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How the church can have a better conversation about the falling fertility rate and society’s changing expectations for mothers.

Last year, the US birthrate experienced its largest single-year drop in nearly 50 years. For years, America’s 2.1 fertility rate made it an outlier to other developed countries. But for the last decade, the number had begun trending downwards, plummeting to last year’s figure of 1.6 children per woman.

These numbers entered the news the same week the New York Times published an essay by columnist Elizabeth Bruenig, “I Became a Mother at 25, and I’m Not Sorry I Didn’t Wait.” Many warmly received and shared the piece, which explores the author’s experience of learning she was pregnant and the many factors that have caused millennial women to delay children including economic concerns, higher education, race, and geography. But for others, it struck a nerve.

One NYT commenter wrote, “There are few things more irresponsible than bringing a child into the world in 2021. I know it's difficult to reject the incredible social and cultural pressure that encourages us to reproduce. The easiest thing to do will always be to have children. But a good rule of thumb is that the easiest option-- the one our current paradigm encourages-- generally causes the most damage and suffering.”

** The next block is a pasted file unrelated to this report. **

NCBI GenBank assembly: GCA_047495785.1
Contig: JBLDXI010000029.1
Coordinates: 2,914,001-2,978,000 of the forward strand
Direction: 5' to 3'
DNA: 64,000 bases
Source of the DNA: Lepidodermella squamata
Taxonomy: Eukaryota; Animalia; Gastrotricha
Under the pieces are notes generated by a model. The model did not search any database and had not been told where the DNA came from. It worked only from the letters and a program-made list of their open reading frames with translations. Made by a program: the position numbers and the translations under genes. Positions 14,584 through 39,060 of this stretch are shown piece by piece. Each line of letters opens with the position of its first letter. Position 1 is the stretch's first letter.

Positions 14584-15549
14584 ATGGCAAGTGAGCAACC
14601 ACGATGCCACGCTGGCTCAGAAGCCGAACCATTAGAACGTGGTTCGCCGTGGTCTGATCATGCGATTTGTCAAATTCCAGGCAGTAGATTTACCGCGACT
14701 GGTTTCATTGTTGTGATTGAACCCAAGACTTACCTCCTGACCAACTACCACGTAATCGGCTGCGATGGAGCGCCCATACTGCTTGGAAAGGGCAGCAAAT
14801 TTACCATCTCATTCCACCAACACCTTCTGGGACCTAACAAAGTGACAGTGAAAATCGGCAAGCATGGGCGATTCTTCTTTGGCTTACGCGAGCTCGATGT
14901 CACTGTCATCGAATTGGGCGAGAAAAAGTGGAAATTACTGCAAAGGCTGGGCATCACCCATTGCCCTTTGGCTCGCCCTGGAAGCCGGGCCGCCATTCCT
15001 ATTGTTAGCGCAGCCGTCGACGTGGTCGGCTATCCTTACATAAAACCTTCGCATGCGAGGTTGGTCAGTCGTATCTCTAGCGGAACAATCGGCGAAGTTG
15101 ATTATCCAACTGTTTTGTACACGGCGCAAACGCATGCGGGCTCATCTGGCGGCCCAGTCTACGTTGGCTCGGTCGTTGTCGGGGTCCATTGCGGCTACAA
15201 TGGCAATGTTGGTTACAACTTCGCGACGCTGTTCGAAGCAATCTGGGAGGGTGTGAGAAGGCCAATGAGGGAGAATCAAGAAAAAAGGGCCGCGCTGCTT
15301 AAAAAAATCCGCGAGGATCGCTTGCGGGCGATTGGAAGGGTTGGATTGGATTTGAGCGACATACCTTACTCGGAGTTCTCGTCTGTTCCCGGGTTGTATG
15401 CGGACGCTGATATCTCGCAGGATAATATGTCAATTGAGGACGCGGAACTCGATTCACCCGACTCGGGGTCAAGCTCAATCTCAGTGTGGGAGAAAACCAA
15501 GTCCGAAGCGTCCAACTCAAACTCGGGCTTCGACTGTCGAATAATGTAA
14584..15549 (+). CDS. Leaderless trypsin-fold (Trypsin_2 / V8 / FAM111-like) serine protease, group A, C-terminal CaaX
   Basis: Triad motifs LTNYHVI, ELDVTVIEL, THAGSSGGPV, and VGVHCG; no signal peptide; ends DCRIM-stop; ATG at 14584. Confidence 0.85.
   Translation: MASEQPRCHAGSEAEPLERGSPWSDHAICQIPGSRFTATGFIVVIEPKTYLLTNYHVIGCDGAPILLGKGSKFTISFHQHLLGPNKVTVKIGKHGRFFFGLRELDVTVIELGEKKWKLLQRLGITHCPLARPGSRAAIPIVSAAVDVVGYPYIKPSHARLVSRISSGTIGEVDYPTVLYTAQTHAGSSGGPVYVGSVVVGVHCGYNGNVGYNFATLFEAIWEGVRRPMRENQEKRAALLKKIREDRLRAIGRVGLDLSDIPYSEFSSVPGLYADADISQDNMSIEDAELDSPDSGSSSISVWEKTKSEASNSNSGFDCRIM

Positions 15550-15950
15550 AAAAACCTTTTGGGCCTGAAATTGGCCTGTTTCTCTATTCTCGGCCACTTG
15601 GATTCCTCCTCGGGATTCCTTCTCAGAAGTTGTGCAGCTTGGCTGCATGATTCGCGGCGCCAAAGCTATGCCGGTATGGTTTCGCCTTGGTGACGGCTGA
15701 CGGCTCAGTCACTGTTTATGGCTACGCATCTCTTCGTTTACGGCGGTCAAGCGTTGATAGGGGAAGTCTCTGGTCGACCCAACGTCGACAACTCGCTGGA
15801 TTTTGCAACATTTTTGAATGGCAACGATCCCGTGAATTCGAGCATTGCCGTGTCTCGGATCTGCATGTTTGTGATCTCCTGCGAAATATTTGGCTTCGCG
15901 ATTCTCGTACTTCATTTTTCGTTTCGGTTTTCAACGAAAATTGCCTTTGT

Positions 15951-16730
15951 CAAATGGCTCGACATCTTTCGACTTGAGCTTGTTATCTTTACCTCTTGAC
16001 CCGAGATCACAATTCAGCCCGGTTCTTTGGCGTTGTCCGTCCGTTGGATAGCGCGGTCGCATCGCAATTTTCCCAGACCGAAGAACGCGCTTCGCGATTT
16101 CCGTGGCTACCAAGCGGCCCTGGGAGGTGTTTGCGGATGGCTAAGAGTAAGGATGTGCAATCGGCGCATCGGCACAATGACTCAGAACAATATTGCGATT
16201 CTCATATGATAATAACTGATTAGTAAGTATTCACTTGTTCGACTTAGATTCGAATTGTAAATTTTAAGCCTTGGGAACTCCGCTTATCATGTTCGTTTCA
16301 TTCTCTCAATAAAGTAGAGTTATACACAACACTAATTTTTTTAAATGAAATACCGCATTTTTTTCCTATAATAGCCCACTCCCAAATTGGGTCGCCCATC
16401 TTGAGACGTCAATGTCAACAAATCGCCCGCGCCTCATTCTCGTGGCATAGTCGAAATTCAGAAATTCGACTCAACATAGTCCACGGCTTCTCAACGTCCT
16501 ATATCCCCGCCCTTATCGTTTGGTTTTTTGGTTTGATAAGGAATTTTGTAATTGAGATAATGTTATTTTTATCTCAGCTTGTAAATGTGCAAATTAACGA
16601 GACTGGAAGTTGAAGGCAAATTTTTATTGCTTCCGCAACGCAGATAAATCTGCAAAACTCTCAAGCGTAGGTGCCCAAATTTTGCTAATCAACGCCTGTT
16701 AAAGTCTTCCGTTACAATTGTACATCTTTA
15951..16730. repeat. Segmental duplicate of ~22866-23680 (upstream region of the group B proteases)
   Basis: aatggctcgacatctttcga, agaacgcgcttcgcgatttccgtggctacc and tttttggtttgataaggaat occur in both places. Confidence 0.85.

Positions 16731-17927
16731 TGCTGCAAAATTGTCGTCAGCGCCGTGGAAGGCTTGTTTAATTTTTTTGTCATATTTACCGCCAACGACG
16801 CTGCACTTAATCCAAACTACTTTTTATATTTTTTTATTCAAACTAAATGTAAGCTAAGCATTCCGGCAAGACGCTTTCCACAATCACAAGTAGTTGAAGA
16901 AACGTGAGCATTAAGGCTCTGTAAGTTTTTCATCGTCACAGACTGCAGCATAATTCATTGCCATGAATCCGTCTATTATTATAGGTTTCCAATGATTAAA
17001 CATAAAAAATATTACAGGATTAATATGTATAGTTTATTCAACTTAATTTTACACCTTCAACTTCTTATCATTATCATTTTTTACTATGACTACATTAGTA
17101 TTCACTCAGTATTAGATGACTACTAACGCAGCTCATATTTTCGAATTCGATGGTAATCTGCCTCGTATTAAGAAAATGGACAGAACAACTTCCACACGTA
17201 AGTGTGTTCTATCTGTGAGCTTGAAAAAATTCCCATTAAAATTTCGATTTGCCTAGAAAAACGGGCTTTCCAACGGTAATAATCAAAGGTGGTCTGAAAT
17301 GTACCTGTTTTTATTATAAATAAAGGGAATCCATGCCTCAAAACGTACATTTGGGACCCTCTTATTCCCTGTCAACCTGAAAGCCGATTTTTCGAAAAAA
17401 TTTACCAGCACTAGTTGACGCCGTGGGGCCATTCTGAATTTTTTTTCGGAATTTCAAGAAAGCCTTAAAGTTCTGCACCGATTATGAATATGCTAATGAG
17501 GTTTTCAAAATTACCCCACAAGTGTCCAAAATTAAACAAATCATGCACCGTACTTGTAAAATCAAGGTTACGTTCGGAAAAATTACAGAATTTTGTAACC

On Twitter, Jill Filipovic wrote, “I would really love to read more essays and op/eds from women (and men, too) who regret having children as early as they did, regret having as many as they did, or regret having children at all. There's not much about motherhood that remains publicly unexplored, but that does.”

Rebecca McLaughlin is the author of Confronting Christianity, named Christianity Today's 2020 Beautiful Orthodoxy Book of the Year, and it's follow-up edition for youth, ...

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Even close relatives like "awe" and "reverence" don’t quite capture the passionate intensity of trembling in the presence of a holy God.

American culture is full of fear. Although our country is profoundly polarized, the fact of fear and its driving and entrenching power unites us. The objects of our fears differ: We may be most afraid of the proliferation of gross injustice or of the government infringing on our personal liberties. We may fear persecution or the loss of the church’s witness through compromising political allegiances. Many of us fear losing our income or, worse, losing a loved one to the pandemic or police brutality. Masks, unmasked people, the coronavirus, vaccines, becoming a hashtag, tornadoes, hurricanes, break-ins, elections—all these things spark fear for different people. We are afraid.

Into this fear, the Lord speaks a word of hope and peace again and again through Scripture: Do not be afraid! In Luke 1:74, Zechariah prophesied that Jesus’ coming meant that God’s people would be able to serve him “without fear.” And yet Scripture also commands and calls us to fear the Lord and casts that fear in a positive light, with Isaiah even calling it the Messiah’s “delight” (11:3). What are we to make of this?